Local Historic Districts
The Local Historic District is a local planning tool that regulates changes to the built environment in areas of a community that retain a high degree of historic integrity.
Local Historic Districts (LHD) are often confused with National Register Historic Districts (NRHD), but the two are not the same. While both districts can exist in the same place with overlapping boundaries, they can also exist independently of one another. A LHD is a local zoning overlay, legally unrelated to the federally administered National Register. Establishing a local historic district follows a public process and requires a significant amount of time, advocacy, and determination to create.
Even if your house is in an LHD, you probably won’t have your paint colors regulated. While some districts do regulate paint color as an important part of the district’s character, the overwhelming majority do not. Since the regulations for each LHD are locally established, they can vary from community to community. Most districts have adopted design guidelines based on the Secretary of the Interior’s Standards for the Treatment of Historic Properties.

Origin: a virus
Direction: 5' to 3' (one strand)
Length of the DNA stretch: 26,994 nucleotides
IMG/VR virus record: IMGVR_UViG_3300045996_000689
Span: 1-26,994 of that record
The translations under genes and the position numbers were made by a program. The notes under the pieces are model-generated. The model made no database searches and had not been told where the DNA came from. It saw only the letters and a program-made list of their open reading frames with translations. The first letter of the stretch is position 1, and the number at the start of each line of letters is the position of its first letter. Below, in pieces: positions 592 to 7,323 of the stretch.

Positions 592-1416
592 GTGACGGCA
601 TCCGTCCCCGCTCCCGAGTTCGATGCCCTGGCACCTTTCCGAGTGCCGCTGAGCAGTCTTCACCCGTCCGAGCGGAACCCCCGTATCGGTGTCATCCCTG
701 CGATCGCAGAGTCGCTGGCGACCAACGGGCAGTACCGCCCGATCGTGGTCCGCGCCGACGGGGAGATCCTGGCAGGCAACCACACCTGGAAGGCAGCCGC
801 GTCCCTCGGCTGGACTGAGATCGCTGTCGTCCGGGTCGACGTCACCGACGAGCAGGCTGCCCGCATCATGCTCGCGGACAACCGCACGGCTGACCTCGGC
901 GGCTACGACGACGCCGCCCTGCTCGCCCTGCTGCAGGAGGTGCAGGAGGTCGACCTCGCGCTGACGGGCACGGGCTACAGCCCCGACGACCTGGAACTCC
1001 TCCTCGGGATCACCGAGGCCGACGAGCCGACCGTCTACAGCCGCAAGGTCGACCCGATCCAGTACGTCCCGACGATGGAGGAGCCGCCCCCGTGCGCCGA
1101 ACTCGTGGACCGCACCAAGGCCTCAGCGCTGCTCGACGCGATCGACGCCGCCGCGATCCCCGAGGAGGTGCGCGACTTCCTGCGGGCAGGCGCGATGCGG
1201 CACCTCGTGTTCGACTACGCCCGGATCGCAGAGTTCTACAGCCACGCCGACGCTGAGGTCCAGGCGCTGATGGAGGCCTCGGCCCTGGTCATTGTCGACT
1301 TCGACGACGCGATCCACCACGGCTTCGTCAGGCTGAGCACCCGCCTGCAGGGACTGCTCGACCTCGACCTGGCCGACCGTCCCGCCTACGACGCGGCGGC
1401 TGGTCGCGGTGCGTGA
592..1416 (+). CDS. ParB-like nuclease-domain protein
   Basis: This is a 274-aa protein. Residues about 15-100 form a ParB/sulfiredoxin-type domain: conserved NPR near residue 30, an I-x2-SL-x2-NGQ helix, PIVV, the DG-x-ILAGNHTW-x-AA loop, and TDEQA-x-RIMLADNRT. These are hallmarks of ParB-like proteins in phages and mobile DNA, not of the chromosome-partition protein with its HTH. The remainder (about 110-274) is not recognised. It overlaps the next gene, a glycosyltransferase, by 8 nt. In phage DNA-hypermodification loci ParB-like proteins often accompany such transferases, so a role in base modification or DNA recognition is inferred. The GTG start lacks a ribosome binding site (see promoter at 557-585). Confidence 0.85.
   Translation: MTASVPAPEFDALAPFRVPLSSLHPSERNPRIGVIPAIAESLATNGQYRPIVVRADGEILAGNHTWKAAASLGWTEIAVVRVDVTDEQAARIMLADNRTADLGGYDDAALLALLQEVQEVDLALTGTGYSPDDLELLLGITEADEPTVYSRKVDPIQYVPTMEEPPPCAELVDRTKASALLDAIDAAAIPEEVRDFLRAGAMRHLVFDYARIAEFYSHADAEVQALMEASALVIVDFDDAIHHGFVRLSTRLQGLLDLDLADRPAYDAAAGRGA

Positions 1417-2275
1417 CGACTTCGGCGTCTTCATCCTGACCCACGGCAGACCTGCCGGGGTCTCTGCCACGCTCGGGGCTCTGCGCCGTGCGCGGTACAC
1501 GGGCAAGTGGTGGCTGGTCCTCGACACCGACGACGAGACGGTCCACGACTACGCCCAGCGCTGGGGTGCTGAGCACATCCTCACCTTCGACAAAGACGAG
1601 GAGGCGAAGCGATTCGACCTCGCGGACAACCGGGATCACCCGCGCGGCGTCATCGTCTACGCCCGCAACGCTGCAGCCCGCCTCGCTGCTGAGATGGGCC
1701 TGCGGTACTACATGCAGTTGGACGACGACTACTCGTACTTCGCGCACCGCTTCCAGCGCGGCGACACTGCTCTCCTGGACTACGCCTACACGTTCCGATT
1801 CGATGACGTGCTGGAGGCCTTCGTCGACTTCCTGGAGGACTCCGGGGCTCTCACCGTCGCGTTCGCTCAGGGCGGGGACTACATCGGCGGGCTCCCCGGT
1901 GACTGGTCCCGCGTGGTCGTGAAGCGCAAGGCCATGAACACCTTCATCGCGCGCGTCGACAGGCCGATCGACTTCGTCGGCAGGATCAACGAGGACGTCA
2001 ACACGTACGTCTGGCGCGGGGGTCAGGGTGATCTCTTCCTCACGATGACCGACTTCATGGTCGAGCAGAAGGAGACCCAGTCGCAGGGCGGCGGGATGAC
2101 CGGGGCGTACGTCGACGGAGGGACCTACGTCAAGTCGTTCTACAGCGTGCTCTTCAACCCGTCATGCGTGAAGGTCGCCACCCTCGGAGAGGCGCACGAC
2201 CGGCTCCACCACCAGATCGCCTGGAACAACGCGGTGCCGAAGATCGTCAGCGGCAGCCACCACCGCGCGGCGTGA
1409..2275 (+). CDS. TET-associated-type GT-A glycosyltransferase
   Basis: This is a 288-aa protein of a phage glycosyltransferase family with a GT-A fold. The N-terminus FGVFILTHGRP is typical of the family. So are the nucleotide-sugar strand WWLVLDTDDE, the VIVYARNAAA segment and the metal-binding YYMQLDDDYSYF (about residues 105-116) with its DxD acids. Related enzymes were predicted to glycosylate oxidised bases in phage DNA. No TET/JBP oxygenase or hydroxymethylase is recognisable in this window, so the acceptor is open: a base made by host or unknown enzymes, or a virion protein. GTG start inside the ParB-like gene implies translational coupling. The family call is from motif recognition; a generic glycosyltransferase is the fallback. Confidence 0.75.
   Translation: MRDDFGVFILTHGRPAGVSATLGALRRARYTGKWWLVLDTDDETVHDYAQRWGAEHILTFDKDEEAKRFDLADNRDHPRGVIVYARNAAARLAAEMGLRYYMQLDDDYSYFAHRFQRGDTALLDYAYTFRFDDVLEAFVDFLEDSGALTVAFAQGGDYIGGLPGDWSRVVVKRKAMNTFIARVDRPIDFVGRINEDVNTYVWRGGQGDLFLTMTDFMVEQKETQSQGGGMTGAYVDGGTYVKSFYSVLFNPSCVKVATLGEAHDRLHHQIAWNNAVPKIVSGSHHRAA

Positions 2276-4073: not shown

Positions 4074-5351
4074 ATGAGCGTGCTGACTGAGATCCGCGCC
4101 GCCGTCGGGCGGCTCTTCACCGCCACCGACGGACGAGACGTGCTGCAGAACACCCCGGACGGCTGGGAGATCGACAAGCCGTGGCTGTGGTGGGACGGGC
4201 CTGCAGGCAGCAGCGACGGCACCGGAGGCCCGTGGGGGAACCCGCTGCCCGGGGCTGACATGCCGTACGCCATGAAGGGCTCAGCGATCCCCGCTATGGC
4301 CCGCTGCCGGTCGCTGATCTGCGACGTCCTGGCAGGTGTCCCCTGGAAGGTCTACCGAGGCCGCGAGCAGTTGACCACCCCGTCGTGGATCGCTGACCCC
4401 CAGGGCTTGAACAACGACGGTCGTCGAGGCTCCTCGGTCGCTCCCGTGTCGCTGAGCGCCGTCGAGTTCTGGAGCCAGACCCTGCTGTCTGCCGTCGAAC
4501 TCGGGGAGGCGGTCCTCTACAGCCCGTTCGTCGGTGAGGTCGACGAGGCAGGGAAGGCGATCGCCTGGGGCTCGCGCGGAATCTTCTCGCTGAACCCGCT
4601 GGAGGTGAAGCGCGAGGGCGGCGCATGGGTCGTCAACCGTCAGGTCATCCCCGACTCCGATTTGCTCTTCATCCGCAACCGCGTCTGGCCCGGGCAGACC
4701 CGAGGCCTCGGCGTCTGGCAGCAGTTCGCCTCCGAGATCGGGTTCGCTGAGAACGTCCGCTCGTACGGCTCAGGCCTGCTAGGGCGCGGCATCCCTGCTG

Local Historic Districts can accomplish a range of actions such as denying demolition, ensuring that additions and new construction are compatible with the size and scale of surrounding buildings, and sometimes regulating changes to exteriors. Protection is usually limited to what is visible from the public right-of-way, so does not include the rear of a property and almost never includes interiors.